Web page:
The difficulty with this arrangement is that it is of complex construction and difficult or complex to operate, since a respective switch element is required for each unit which can be placed in or cut out of operation.

Because of the complexity of earlier switching devices, moreover, the head usually must be of inconveniently large dimensions and weight.

Furthermore, where a number of units are selectively coupled to a given drive by transmissions which can be switched on or off, problems are encountered with wear of the transmission parts.


It is an important object of the present invention to provide an improved but simplified control system for a rug or carpet cleaning apparatus whereby the disadvantages of earlier systems are avoided.

Another object of this inventioon is to provide a rug or carpet cleaning head for a multipurpose cleaning apparatus whereby switchover between functions is facilitated and the head is of comparatively light weight and small dimensions.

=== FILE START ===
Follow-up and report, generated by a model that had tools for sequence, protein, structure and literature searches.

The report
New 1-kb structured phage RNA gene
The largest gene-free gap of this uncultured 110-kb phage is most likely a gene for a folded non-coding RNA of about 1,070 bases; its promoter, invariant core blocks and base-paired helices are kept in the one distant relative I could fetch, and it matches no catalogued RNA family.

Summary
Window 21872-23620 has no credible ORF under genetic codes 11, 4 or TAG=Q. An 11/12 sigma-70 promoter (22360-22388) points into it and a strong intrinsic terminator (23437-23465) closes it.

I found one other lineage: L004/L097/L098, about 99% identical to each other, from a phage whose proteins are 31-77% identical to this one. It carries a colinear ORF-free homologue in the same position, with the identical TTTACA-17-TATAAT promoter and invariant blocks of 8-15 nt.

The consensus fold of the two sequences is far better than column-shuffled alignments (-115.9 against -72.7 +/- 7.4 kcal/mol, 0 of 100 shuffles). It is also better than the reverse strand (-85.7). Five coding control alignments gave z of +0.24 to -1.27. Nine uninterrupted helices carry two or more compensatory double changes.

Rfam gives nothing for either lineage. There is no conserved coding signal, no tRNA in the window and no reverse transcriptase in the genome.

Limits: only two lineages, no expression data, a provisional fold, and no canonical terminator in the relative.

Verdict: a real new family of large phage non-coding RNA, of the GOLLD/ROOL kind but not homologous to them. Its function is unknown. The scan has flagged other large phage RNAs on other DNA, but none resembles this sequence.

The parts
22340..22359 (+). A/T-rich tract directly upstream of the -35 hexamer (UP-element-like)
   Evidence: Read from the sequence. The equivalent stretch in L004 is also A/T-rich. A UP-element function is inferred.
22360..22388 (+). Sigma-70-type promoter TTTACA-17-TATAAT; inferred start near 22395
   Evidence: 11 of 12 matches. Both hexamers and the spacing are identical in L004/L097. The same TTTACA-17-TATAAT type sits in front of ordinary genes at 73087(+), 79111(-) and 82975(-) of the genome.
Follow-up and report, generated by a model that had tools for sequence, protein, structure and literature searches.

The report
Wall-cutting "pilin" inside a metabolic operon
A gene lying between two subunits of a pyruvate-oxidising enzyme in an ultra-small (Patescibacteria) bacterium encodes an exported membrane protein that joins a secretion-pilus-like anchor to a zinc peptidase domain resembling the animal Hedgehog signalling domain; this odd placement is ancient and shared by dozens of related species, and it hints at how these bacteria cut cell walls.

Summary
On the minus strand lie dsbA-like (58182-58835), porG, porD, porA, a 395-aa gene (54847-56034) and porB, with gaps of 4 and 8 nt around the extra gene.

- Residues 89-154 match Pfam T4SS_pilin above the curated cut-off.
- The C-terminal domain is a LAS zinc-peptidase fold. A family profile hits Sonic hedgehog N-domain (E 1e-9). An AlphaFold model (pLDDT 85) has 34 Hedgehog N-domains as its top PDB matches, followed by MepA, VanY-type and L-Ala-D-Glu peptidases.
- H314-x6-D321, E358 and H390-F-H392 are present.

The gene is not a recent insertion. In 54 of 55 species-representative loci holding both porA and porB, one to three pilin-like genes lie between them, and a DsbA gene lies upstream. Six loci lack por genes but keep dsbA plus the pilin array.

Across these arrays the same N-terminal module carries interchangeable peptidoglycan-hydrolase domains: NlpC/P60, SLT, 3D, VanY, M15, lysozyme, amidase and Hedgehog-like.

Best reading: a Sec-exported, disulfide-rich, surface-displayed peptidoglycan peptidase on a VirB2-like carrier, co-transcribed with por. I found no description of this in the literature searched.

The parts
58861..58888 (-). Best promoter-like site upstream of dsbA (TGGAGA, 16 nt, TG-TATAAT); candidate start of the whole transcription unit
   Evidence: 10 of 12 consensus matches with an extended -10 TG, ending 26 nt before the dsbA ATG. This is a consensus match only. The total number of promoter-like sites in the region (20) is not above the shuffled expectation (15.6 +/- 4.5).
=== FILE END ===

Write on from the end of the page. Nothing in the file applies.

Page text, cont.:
Yet another object of this invention is to provide a carpet and rug cleaning apparatus for the purposes described having a more reliable and easily operated control system.


These objects and others which will become apparent hereinafter are attained, in accordance with the present invention, in a rug and carpet cleaning head having at least two rotary units for alternative and selective application to the rug or carpet cleaning surface and both driven by a common drive motor, the two units and preferably also the drive motor being mounted upon a rocker or teeter which is fulcrumed in and pivotally connected to the head housing so that, depending upon the tilt of the rocker about its fulcrum, one or the other unit comes into play and the units can be utilized alternatively.

The rocker or teeter is elongated in the longitudinal direction of the head, i.e. in the direction of normal back-and-forth displacement of the head and has two lever arms which are actuated by a control from the handle of the carpet cleaning apparatus to change the directions in which they are slued to the carpet surface and hence which of the units is effective.

At least one of the units is preferably the rotating brush which is connected continuously with the drive motor.